The Arizona Attorney General’s Office has cleared the Tucson Unified School District in a pair of open-meetings complaints, but characterized Governing Board members’ actions as “ill advised” and in violation of the “intent” of the law.
The board was hit with a pair of open-meetings complaints last February, alleging that open-meetings laws had been violated.
One complaint alleged that board members Kristel Foster and Adelita Grijalva broke the open-meetings law when they ambushed board member Mark Stegeman in a parking lot as he attemped to meet with an attorney about firing former Superintendent H.T. Sanchez. Another claimed that board members Michael Hicks, Rachael Sedgwick and Stegeman violated the law by planning Sanchez’s ouster.
Assistant Arizona Attorney General Kevin Smith wrote in a letter of findings that there was no violation in either account. On the first charge, Smith described the parking-lot stunt as “ill advised,” saying similar confrontations should be avoided .
In his findings on the second allegation, Smith noted that while Sedgwick and Stegeman had communicated about Sanchez’s removal, a conversation between just two board members doesn’t violate the law — it has to be a majority of the five-member board.
“The crucial question is did they involve Board member Hicks in any such discussions,” Smith wrote, adding that “the evidence does not support a conclusion that this occurred.”
Smith noted that Stegeman said he was very aware of open-meetings law and was actively trying to avoid violating it, and did not involve Hicks in the discussion about Sanchez.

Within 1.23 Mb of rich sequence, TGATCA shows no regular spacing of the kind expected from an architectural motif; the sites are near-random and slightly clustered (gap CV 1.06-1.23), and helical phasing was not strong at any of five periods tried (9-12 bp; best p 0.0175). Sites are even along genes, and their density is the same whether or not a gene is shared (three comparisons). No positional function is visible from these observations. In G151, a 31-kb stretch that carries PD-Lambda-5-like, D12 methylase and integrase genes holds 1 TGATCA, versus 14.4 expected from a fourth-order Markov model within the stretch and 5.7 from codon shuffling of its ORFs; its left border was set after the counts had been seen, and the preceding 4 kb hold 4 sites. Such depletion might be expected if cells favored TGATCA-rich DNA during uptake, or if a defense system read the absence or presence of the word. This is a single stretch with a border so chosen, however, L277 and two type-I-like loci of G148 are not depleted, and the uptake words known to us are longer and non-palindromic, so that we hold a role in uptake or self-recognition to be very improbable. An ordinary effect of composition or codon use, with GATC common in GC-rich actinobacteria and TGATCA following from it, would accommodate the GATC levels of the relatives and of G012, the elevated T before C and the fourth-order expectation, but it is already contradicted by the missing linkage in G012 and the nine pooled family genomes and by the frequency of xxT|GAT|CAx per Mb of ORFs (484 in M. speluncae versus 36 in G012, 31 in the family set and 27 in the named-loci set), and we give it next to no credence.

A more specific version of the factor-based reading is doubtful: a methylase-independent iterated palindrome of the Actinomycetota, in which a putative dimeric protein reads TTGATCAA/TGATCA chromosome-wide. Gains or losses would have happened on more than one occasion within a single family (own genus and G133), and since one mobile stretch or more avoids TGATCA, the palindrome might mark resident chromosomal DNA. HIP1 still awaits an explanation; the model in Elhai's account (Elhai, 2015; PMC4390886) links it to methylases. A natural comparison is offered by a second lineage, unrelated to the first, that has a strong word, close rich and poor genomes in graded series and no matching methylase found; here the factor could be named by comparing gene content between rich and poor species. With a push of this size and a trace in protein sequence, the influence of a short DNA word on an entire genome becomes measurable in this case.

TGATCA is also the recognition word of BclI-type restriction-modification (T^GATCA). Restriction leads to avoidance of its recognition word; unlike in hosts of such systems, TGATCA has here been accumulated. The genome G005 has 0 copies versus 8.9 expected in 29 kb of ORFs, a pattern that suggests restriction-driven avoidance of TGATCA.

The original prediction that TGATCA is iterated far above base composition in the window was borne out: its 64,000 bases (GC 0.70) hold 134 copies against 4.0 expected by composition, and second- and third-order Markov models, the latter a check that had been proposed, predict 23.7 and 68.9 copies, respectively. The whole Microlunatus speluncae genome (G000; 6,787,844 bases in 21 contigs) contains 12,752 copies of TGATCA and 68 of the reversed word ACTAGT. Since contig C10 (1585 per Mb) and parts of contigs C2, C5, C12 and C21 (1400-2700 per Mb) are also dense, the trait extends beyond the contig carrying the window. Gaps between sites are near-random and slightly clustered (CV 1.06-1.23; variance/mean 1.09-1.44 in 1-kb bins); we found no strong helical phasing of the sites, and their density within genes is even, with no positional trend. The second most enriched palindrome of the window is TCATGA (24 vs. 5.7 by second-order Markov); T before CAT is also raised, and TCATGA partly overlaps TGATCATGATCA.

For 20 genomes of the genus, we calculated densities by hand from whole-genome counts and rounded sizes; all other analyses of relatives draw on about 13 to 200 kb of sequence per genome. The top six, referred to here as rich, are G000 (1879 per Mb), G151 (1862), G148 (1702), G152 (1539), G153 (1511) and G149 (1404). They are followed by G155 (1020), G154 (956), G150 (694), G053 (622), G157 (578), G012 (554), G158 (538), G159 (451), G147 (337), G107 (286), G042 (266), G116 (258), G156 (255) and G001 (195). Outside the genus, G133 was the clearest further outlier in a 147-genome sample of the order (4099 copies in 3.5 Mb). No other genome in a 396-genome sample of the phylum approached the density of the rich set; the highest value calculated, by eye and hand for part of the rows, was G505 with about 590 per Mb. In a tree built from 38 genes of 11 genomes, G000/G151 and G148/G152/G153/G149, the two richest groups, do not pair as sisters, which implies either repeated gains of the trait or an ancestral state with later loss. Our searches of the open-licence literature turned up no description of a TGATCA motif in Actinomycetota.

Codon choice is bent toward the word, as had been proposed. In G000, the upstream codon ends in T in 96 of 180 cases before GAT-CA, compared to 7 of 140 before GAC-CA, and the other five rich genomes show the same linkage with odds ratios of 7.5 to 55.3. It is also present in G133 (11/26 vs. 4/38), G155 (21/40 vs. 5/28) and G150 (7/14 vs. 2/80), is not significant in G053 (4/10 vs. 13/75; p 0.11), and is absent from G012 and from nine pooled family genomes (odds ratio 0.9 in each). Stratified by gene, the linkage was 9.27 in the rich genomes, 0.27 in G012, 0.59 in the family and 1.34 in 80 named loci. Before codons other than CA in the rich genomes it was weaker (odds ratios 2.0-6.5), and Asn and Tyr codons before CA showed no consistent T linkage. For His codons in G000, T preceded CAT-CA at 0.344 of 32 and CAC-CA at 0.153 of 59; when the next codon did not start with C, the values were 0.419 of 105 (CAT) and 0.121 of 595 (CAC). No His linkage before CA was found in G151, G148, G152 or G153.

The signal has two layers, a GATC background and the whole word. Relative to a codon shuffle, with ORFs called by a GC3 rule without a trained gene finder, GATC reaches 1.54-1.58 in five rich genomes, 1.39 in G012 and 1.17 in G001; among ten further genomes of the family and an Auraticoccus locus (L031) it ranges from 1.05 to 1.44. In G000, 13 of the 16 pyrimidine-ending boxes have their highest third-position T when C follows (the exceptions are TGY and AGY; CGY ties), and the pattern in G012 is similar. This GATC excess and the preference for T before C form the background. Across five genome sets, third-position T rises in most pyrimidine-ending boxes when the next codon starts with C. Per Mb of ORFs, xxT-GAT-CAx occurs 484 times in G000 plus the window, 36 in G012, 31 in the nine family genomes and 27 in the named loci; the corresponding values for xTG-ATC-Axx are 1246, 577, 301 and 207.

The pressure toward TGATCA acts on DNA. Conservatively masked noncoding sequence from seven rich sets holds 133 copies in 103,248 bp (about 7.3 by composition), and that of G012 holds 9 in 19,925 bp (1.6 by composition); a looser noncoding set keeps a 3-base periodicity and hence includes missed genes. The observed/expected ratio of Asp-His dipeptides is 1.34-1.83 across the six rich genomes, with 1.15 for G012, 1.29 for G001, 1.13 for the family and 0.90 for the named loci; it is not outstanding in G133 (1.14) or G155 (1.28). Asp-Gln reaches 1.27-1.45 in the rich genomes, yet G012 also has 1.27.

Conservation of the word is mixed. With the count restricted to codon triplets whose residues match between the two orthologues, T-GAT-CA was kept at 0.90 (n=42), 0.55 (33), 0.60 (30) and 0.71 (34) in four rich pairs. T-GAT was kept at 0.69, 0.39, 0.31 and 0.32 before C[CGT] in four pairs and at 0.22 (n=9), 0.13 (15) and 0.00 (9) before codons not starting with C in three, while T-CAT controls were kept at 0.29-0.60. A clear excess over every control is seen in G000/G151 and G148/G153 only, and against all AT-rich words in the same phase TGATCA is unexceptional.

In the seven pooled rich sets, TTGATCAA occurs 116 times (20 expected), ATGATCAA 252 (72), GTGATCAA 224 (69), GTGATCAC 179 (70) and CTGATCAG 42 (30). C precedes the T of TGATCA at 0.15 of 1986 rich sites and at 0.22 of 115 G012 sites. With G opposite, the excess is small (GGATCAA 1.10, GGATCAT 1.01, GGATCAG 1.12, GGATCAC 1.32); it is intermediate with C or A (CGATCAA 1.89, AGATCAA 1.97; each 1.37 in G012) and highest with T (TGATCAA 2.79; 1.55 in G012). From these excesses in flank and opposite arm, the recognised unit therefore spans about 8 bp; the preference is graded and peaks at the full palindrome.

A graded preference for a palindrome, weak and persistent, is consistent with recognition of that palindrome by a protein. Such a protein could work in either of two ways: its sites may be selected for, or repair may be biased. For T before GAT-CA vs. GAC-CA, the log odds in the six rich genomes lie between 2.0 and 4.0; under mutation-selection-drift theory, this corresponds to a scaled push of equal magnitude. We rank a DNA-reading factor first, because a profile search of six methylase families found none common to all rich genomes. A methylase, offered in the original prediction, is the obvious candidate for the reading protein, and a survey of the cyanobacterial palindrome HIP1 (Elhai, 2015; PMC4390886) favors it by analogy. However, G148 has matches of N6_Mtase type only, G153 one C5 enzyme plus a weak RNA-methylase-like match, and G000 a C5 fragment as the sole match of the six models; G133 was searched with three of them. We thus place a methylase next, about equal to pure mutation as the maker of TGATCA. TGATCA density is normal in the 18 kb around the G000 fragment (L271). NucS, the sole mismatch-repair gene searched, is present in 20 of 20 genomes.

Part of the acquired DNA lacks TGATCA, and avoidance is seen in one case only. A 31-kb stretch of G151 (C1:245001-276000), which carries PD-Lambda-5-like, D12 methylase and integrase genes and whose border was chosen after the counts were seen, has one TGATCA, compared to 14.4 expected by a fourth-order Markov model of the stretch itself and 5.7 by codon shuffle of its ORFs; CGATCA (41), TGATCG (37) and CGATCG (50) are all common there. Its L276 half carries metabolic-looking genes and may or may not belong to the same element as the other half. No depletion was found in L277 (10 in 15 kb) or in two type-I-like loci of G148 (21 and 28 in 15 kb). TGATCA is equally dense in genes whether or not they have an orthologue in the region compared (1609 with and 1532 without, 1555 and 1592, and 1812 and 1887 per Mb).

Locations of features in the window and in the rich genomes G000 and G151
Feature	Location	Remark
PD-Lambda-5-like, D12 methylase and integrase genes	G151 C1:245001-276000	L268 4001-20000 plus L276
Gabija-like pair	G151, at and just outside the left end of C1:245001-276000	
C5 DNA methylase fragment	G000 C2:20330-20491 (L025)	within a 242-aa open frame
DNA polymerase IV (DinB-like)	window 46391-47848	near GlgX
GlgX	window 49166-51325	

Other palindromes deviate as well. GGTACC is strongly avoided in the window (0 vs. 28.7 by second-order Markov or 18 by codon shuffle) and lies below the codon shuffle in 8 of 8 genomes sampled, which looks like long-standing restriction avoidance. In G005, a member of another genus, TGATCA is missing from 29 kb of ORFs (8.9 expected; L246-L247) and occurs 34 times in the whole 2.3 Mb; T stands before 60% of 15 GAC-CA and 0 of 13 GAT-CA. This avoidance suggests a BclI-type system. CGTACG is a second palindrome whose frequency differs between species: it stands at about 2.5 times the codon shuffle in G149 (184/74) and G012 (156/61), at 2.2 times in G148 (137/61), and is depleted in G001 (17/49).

Smith pointed out that Hicks and Stegeman have served on the board together for years and certainly had some understanding of each other’s position on the topic, “but having a good idea of another member’s position and how they are likely to vote on an issue based upon past experience is not the same as discussing the issue with that member.”
And while it wasn’t specifically brought up in any complaint, the Attorney General’s Office found one area of the board’s communications “concerning.”
It said evidence shows that after Sedgwick won the election in November 2016, but before she was officially sworn in in January 2017, she, Stegeman,and Hicks all discussed issues that were certain to come before the board, including protocols and policies.
Smith cited an email from Stegeman stating, “I think it is legally OK to discuss these (issues) collectively before (Sedgwick is officially sworn in).”
While Stegeman’s logic was true to the letter of the law, the communications violated the law’s intent, which is to ensure that public officials don’t conduct public business in secret.
While the law doesn’t specifically state that it applies to members-elect, the Attorney General’s Office recommends as a best practice that public bodies treat the law as if it did.
“Mr. Hicks, Dr. Stegeman and Ms. Sedgwick clearly frustrated the spirit and purpose of the open meetings law. … They may not have violated the letter of the law, but they did violate it’s intent,” he wrote.